Alyssa Ribeiro is a Research Scholar at UCLA’s Center for the Study of Women and teaches at California State University, Northridge(Author information current at time of publication.)

Copyright 2014, Rutgers University


Friends Neighborhood Guild Daycare Class

Special Collections Research Center, Temple University Libraries

Educational courses provided by the Friends Neighborhood Guild took a variety of forms in the mid-twentieth century. Adults could meet at the Guild's community center for vocational training, night-school classes, discussion groups, and reading clubs. The Guild offered daycare services for children of neighborhood families with working parents and an after-school study space for students. The daycare class in this 1965 image was photographed outside the Guild's building on Eighth Street just before a field trip to Abington, Pennsylvania.

Boy Scout Troop 310

Special Collections Research Center, Temple University Libraries

As part of its mission to promote better racial and ethnic relations throughout the community, the Friends Neighborhood Guild worked with the local Puerto Rican population to develop programs to help strengthen the community and bring positive exposure to the steadily growing migrant population. The guild, in conjunction with the Latin American Legion Post 840, helped establish Boy Scout Troop 310, led by a Puerto Rican scoutmaster. The troop was composed of boys who were Puerto Rican or of Puerto Rican heritage and for whom Spanish was their mother tongue. The guild provided meeting space for the troop and financially assisted programs and regalia for the members. Pictured here at the official first meeting of Troop 310 in March 1955, Scoutmaster Pablo Adrono awards scouts the badge of Tenderfoot, the beginning rank.

Guild House

Wikimedia Commons

To answer the community's call for additional housing for low-income senior citizens, the Friends Neighborhood Guild and Robert Venturi developed a modern building for an older audience: the Guild House. Venturi, raised as a Quaker, was a pioneer of postmodern architecture and was teaching architecture courses at the University of Pennsylvania when he was commissioned to design the Guild House in 1960. The design was made to reflect the brick style of other public housing and settlement homes in Philadelphia while displaying shapes and visual illusions that make the building unique to its surroundings. Consisting of 91 apartments across six floors, the Guild House opened in 1964. The Friends Neighborhood Guild has continuously operated and improved the building over the decades. In 2009, Venturi's architectural firm, Venturi, Scott Brown and Associates Inc., was hired to drastically renovate the interior of the Guild House for modern amenities and equipment. The nine-million-dollar renovation also paid for exterior changes such as new windows, exterior cameras, and replacement bricks.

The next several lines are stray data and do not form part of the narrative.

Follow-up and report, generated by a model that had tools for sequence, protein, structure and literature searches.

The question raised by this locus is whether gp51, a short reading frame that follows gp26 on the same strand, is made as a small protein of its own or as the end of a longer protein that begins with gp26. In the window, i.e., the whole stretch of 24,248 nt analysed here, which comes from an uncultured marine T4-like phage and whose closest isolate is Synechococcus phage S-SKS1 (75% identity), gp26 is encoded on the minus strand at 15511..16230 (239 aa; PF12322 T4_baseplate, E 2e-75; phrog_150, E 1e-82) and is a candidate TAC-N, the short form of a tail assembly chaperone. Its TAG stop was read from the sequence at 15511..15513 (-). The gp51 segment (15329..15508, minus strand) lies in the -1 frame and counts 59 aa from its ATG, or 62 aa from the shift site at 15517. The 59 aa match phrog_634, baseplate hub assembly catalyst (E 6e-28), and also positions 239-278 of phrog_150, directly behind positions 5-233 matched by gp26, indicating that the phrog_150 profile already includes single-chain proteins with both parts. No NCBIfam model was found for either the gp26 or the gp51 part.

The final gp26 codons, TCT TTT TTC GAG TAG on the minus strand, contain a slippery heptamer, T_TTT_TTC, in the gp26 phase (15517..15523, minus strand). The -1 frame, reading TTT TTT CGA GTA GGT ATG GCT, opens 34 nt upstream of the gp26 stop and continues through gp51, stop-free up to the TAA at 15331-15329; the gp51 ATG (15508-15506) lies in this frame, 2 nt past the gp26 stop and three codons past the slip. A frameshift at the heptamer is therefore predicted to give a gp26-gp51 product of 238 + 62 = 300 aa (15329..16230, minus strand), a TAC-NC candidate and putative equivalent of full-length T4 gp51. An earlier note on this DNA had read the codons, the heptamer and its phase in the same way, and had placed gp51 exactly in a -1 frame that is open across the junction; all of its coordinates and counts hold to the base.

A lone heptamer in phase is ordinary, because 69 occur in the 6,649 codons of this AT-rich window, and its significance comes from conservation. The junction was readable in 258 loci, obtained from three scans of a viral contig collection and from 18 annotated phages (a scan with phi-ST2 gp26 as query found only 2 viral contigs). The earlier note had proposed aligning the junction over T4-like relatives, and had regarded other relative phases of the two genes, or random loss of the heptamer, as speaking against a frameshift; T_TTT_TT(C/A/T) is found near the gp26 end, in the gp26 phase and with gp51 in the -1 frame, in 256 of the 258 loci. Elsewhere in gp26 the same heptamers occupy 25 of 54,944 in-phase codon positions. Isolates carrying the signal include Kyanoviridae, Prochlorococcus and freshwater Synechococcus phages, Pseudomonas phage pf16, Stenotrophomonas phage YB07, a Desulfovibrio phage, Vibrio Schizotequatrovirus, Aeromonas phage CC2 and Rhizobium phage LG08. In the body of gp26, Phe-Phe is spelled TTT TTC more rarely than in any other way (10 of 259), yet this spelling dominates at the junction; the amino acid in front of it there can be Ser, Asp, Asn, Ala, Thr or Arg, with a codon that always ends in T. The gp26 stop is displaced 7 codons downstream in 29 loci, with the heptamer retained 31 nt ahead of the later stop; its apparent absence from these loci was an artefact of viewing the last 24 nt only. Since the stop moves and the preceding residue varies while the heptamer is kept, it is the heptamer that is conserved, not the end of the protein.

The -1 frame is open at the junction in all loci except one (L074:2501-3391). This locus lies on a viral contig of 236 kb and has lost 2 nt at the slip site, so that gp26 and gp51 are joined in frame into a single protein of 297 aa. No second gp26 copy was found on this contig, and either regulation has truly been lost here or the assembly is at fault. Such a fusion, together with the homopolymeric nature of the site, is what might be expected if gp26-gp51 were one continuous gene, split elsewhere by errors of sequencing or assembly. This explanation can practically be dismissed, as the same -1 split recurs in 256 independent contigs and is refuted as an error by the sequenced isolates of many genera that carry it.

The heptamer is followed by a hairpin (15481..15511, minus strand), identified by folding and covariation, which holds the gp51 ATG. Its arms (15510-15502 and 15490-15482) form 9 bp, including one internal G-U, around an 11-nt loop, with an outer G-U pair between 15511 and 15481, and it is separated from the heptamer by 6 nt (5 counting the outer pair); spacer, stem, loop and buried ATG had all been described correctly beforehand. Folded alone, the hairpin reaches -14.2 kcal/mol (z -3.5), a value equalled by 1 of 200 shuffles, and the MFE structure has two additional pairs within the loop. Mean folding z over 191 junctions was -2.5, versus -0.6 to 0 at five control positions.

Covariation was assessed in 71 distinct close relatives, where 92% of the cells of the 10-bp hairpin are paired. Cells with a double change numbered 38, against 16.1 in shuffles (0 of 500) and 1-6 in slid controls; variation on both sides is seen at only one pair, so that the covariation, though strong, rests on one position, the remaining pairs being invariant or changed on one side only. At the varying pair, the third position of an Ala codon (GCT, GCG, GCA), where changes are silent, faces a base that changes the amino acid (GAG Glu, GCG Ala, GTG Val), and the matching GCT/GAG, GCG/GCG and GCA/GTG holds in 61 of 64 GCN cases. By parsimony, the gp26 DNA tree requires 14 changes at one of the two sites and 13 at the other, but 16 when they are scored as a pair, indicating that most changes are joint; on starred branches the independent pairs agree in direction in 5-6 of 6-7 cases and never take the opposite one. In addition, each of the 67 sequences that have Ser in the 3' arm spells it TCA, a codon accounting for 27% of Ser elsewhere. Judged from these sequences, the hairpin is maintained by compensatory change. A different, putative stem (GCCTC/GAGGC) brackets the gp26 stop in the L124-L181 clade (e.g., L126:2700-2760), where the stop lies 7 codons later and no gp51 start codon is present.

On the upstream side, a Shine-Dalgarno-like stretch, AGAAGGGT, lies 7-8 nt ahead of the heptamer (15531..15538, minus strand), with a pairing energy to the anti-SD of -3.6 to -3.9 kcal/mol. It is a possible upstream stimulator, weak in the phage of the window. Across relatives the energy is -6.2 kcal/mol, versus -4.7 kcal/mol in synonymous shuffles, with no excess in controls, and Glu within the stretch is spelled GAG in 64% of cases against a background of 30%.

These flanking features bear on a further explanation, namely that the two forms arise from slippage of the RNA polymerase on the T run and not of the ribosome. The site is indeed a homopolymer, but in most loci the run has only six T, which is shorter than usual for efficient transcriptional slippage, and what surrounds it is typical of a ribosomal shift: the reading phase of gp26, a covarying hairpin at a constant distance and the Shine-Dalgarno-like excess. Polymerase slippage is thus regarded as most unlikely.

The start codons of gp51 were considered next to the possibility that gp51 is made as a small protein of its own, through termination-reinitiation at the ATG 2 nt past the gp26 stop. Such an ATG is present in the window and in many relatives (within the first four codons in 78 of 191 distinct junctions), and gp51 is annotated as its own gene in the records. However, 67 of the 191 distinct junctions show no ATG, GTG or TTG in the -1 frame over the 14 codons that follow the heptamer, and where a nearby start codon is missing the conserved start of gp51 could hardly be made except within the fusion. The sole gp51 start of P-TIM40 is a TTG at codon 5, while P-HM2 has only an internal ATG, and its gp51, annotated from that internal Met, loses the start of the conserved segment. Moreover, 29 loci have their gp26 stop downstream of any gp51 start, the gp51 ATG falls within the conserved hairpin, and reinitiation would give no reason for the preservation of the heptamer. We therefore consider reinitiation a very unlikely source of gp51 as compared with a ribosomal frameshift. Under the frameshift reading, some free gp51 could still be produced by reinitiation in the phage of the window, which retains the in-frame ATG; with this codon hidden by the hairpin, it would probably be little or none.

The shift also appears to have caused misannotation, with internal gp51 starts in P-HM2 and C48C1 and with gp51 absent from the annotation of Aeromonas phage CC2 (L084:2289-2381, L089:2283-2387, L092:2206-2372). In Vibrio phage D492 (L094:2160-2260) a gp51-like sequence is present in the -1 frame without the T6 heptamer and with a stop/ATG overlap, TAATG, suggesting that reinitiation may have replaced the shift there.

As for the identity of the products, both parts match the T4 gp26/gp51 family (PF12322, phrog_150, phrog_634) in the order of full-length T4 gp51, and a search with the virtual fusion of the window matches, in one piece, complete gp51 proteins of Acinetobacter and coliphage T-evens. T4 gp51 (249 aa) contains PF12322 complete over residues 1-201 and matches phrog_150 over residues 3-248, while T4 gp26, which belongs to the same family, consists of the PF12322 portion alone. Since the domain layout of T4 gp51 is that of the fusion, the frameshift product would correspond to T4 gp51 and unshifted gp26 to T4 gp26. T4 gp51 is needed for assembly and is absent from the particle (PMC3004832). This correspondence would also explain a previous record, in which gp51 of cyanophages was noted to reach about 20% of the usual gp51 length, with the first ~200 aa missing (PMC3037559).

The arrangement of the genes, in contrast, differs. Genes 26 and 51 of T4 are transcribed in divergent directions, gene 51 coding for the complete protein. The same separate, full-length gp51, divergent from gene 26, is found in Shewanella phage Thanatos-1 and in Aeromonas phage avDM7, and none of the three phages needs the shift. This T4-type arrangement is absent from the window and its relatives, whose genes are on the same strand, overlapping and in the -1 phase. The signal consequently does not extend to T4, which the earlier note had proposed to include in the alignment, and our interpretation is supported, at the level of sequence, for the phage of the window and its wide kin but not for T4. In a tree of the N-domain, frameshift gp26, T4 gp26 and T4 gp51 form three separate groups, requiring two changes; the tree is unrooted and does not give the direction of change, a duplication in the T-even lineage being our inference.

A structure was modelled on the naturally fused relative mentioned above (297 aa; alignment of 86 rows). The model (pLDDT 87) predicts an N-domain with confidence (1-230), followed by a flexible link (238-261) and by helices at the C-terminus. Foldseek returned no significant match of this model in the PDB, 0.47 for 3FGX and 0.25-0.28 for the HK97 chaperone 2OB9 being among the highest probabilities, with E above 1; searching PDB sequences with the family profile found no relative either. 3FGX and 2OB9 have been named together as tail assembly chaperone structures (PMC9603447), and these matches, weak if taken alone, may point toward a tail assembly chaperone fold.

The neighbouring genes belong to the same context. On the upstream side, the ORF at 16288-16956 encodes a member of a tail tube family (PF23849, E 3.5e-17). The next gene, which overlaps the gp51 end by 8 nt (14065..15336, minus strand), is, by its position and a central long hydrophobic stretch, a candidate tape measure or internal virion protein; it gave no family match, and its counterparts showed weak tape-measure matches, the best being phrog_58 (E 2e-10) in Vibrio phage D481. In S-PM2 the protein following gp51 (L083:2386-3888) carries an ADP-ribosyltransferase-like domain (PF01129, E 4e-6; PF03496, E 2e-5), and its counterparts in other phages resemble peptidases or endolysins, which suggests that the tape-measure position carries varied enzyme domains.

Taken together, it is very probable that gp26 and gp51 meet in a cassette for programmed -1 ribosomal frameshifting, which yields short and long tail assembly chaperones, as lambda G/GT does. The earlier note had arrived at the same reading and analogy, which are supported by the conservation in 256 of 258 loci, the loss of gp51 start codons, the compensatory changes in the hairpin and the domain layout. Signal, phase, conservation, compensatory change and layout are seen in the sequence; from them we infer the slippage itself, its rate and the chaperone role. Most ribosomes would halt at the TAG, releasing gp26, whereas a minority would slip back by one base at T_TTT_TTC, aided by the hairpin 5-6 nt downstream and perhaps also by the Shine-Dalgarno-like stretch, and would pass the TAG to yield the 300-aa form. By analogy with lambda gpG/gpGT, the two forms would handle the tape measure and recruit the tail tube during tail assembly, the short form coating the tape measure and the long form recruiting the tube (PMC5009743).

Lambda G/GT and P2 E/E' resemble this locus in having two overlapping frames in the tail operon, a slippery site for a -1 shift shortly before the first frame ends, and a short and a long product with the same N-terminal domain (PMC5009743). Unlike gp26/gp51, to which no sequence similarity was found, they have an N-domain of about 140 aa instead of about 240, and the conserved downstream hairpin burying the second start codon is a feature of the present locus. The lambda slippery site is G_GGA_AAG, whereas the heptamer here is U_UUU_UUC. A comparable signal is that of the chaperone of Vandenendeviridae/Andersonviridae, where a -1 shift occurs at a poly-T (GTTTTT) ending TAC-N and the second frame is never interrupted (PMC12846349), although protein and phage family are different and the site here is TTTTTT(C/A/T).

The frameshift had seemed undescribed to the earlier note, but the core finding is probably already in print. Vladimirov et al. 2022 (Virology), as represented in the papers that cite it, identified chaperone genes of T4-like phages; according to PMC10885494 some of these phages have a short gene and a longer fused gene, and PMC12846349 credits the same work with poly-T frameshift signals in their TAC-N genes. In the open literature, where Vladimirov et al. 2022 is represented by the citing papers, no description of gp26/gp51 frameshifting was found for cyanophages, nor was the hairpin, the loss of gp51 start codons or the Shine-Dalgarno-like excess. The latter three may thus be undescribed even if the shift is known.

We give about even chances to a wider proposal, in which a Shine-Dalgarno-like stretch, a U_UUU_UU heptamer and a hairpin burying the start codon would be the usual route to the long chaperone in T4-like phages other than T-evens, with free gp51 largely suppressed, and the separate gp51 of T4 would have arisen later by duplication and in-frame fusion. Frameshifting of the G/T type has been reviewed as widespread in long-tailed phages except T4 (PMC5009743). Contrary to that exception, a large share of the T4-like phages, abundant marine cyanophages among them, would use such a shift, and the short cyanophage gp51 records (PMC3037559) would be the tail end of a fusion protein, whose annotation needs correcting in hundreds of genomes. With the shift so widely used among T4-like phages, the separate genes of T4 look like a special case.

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Related Reading

Bosworth, Francis. The Story of Friends Neighborhood Guild. Philadelphia: Friends Neighborhood Guild, 1950.

Chastain, Sue. “Necessities for the Neediest: After School Care for Children, Heat for Homes, Food for the Hungry, The Friends Neighborhood Guild Helps with These in an Area Racked by Poverty.” Philadelphia Inquirer, November 14, 1990.

Fuges, Mary, et al. The Story of Friends Neighborhood Guild. Philadelphia: Friends Neighborhood Guild, 1989.

Haines, Pamela. “Friends Neighborhood Guild: A Quaker Presence in Philadelphia.” Friends Journal 52 (2006): 14-17.

Trolander, Judith Ann. Professionalism and Social Change: From the Settlement House Movement to Neighborhood Centers, 1886 to Present. New York: Columbia University Press, 1987.

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Connecting the Past with the Present, Building Community, Creating a Legacy